I filtered my links by the tag PBL and I checked the box to select them all.  Next to the "select all" checkbox was a droplist.  I clicked on it and picked "Create Stack" and......got an error message.  After several tries at it, I figured out that I was getting an error message because I had more than 20 links checked to include in the stack.  You can only have 20.  I went back to my list and selected some of the best links to include in the stack.  Once I did that, it worked quite easily.  Although the video did not match the screens exactly, I was able to figure it out.

Since I made all the links public, I assume you can click on my link to my stack and get to all the links.  I like that the links have pictures associated with some of them.  I am not sure why some have photos and others don't.  If you know, please post in the comments below.  Please also let me know if you could access the links in my staff even if you are not logged into Delicious.  If so, this is a great possibility for my students.

Sunday, October 2, 2011

Cluster Maps to Show Blog Visitors

Perhaps you have a classroom or teacher blog, but do your visitors see where all of your readers are located?  Clustr Maps is a neat way to show who is visiting your blog.  If your blog is hosting student content, this can be especially motivating for the students.  How excited would they be to see that someone from China or Africa visited their blog?   Clustr Maps are free and can be put into many different types of sites including blogs, wikis and websites that accept HTML/Javascript.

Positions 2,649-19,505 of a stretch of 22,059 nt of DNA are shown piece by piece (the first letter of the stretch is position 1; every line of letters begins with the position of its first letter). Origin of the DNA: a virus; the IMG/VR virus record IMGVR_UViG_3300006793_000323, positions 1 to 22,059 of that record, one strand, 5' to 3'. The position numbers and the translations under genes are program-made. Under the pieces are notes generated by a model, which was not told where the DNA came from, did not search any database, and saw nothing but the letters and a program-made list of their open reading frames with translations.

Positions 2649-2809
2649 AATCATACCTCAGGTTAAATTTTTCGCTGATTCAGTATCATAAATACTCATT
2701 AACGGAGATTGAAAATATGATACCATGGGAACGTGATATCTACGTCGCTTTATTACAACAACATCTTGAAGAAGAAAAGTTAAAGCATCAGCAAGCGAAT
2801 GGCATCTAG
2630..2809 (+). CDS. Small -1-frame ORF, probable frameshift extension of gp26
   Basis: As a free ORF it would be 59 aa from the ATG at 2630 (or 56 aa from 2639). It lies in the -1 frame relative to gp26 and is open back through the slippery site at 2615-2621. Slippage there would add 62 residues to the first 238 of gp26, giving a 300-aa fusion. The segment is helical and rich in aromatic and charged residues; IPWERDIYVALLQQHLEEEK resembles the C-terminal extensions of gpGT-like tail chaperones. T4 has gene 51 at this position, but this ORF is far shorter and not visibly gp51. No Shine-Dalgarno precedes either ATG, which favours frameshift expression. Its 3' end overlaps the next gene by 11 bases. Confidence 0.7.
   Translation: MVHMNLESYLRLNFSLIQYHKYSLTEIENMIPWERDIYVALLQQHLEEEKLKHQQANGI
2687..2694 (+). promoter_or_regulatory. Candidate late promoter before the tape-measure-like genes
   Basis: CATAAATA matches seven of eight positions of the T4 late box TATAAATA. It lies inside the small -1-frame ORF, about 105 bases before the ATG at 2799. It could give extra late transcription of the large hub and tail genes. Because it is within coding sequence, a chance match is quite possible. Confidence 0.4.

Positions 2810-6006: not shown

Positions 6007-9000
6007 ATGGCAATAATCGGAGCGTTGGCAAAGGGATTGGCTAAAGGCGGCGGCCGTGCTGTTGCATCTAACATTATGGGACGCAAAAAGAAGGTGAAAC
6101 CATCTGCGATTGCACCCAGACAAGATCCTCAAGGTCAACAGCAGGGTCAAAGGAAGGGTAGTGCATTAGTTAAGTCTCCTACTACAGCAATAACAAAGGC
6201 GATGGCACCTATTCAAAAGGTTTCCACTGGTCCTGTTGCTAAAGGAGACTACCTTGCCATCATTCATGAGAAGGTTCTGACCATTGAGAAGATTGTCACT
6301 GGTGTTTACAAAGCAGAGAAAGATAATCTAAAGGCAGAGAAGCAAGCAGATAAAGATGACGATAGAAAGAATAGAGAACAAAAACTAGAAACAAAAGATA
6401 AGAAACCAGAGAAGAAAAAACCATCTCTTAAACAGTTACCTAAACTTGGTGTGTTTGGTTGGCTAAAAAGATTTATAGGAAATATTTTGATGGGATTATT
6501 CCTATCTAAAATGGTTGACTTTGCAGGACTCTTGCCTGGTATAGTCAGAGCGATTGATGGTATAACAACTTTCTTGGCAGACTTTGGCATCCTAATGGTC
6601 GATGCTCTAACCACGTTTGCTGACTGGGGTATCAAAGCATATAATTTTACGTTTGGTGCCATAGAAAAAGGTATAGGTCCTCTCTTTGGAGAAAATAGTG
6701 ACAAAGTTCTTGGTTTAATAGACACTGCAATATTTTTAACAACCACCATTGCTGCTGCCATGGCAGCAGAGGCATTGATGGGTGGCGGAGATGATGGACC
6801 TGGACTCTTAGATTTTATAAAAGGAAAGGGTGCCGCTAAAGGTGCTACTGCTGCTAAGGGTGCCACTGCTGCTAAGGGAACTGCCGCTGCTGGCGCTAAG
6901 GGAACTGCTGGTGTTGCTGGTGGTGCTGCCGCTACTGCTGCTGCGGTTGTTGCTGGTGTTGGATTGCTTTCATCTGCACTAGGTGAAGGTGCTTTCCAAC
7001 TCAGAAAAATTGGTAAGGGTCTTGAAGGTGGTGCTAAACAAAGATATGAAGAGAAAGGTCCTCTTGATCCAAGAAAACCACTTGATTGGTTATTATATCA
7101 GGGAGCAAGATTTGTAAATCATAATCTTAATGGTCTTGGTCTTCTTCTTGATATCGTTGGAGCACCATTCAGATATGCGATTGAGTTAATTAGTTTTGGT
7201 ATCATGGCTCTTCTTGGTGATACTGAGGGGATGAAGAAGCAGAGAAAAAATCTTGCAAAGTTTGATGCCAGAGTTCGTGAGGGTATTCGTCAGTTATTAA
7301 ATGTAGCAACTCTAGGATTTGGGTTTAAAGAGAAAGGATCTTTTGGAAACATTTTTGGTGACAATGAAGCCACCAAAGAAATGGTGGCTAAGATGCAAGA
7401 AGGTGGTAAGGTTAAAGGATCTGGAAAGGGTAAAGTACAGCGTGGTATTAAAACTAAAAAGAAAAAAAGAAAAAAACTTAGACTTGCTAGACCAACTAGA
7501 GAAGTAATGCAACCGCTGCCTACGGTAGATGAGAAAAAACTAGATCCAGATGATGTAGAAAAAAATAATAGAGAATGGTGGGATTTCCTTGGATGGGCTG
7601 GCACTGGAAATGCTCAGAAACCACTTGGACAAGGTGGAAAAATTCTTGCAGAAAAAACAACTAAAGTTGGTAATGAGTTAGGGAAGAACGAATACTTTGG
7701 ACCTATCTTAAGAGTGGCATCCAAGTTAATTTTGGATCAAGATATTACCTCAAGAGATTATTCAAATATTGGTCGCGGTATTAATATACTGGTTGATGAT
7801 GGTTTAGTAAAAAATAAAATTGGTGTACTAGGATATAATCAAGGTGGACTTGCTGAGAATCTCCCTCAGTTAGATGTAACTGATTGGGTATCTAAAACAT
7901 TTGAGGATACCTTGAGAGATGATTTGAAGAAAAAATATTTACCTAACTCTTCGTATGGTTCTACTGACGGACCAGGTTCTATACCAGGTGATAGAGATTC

If you click on a Clustr Map, such as the sample one on the Clustr Map website itself, it is enlarged and gives you more statistics.  The statistics include which number of visitors from each country and state.  It also shows the information about where the most recent visitors were from.


One teacher, Derrick Willard from North Carolina, shows how the audience on his class blog increased and locations varied over time in this SlideShare presentation.  Students would be motivated by the increase in audience and also learn some geography at the same time. Tom Barrett, in his blog post, also strongly suggests that you include a Clustr Map on your class blog as helps students to realize they have a real audience.